Wednesday, October 10, 2012

Good Decisions, Not Good Outcomes

I have spent quite a bit of time thinking about how we make financial decisions and I have some opinions about what the decision-making process looks like in action. As a starting point for this blog, I'm going to share some these personal opinions over the next few weeks before diving into the reading and exploration of others' work and research. This will get my own biases out in the open so that you can better judge my future writing.

So, let's begin with one of my most unconventional beliefs about decision-making: good decisions are not determined by the outcome of the decisions. In fact, a great decision could result in a terrible outcome! I say this to people and they are ready to write off anything else I say. How could the outcome not be somehow related to the whether a decision was good or not?

As an example, consider the following.

You are deciding whether to take a vacation or not, and where to go. You save for a vacation within the framework of your overall budget. You put hours in researching locations that will be suitable for the type of vacation you want to take. You talk to people who have taken similar trips to get their input. You spend time finding the best prices and most convenient travel arrangements. You've done all your research and you make the decision to take a vacation.

Decision made...hotel reservations are set and airplane tickets are booked. Time off from work is arranged. You have arranged for someone to take care of your pets while you're gone, and you've set up systems to make your house appear not vacant. You've notified family and friends that you'll be traveling. You've made a good, well-considered decision about this vacation.

Your departure date arrives and you head to the airport. You breeze through security, having planned your trip at a low traffic time, and everything is going super smooth. Seems like you've made good decisions about this vacation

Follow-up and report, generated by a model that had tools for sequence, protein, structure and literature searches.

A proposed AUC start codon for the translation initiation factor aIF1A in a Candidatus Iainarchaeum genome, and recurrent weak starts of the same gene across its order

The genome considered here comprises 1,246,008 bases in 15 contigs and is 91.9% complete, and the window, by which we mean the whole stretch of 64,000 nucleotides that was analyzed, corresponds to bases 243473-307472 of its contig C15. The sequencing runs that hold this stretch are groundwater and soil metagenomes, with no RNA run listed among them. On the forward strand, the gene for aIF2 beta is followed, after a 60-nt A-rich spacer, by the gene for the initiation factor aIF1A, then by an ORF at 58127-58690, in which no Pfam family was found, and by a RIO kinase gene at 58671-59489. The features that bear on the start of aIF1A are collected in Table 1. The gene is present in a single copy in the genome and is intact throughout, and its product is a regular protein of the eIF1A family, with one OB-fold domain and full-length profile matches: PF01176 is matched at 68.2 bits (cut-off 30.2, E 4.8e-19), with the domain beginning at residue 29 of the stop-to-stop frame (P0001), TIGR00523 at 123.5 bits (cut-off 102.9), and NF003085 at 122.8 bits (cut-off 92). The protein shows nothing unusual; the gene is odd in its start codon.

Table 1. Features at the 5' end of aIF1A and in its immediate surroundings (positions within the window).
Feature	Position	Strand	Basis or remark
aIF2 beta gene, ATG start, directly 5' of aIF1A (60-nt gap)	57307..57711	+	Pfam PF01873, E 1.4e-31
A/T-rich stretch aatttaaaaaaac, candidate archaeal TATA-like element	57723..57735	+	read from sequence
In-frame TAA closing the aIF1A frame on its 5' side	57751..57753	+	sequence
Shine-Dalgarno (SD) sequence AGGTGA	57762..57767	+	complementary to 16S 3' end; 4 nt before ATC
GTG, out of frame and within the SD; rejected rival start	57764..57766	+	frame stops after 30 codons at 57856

As your plane lifts off, a large goose flies into one of the engines sending the plane crashing to the ground killing everyone on board. Pretty crappy vacation!

But was the decision to take that vacation a bad one? Absolutely not! Just because you fall to an untimely, fiery death doesn't mean getting on the plane was a bad decision. You did everything you could to make sure you made good decisions. There is simply tons of stuff that goes into the outcome of your vacation decisions that you don't have any control over. This is just as true when planning a vacation as it is when making financial decisions, some that don't fully play out for months, years or decades.

We don't have much control over many factors that determine the outcome of our decisions. Therefore, we can't judge our decisions by their outcomes. Good decisions can result in disastrous outcomes. Good decisions can also result in good outcomes. The point is, there isn't a high direct causal link between the quality of decision and the quality of outcome.

I do believe that good decisions increase the likelihood of good outcomes, however.  Good decisions should result in more consistent and more frequent good outcomes. Further, consistently bad outcomes may be a sign that there is a flaw in a person's decision-making process. Patterns of outcome results do have a link to quality of decisions.

Point is, any individual decision cannot be judged by its outcome. To judge each decision as good or bad by its outcome is not an accurate measure.

1 comment:

  1. The quality of a decision is akin to the level of research put into it. Lack of research and a hasty decision may turn out OK, but history tells most people that "haste makes waste".

    Circumstances beyond our control can derail the best laid plans of mice and men. However, I am much more likely to make a decision based on measured (not obsessive) research, and be comfortable with my decision, no matter the outcome. If my decision leads to a positive result, great. If it doesn't, I have the peace of mind to say that "at least I did the research" before jumping in. I may not be much happier, but I will at least have some mental piece.

    Welcome back to the blogging world. Remember, however, that blogging never replaces time spent with our clients moving them to action. Too much philosophy makes Jack a dull boy.